Benny Mawel, Jayapura – The West Papua National Liberation Army-Free Papua Organization (TPNPB-OPM) has said it will not call a truce nor engage in a dialogue with the Indonesian government unless the United Nations (UN) acts as a mediator and the dialogue is favorable to the Papuan people.
"TPNPB-OPM will not have a dialogue with 'Jakarta' if it is not mediated by the UN," said TPNPB-OPM spokesperson Sebby Sambom on Tuesday, Nov. 16, 2021, responding to the call from 194 Catholic priests in Papua for a ceasefire between the armed group and the security forces.
Sambom also said his party was not willing to take a "humanitarian break" if the Indonesian government had not shown good intentions to the Papuan people and was still shooting civilians dead.
"We hope that the Indonesian government under the leadership of President Joko Widodo is willing to open up and negotiate with Papuan negotiators. We are ready to negotiate with 'Jakarta', with a mediator from the United Nations," he said.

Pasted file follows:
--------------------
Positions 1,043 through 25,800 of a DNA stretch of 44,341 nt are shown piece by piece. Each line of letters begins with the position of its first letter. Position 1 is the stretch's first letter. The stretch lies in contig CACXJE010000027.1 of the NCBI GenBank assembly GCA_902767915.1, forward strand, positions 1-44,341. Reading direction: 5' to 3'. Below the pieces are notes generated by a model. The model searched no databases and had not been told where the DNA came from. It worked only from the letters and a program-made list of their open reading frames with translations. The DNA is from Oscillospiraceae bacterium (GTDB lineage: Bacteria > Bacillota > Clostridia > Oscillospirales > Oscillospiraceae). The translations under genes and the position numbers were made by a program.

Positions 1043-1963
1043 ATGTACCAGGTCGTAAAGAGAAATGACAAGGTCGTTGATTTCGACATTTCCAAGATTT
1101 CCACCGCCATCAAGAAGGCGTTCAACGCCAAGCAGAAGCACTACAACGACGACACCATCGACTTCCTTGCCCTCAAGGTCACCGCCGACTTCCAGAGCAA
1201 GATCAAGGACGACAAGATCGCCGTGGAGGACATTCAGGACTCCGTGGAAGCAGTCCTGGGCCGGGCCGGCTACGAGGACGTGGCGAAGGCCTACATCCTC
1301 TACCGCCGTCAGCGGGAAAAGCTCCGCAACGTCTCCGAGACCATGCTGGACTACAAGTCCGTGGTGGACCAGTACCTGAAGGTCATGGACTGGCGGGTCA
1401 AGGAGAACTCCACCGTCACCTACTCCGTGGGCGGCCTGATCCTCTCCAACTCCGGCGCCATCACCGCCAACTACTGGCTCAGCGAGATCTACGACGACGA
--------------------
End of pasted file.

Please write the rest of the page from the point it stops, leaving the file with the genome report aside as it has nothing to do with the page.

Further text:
Sambom said the TPNPB-OPM was willing to stop the war and bring about peace if both representatives reached an agreement. However, he said, his party would resume war if no agreement was reached between the Indonesian government and the Papuan people.
"The TPNPB will not stop the war. We will call a truce when the Papuan negotiators are negotiating with the enemy under the supervision of the United Nations. If negotiations fail, however, the war will resume," he said.
Previously, commander of the Cenderawasih Military Regional Command Maj. Gen. Ignatius Yogo Triyono supported a dialogue approach to resolve the conflict in Papua. The government has been using a military approach so far.
He supported dialogue to take place because the armed conflict in Papua continued to escalate in recent months, not only in Nduga, Intan Jaya, and Puncak but also in Pegunungan Bintang and Maybrat in West Papua.
"We too are tired of continuously shooting. The victims are not just from the armed group. Our troops also fall victims," said Triyono in an interview with Tempo Magazine. He also agreed that the root cause of Papua's problem was not security but welfare.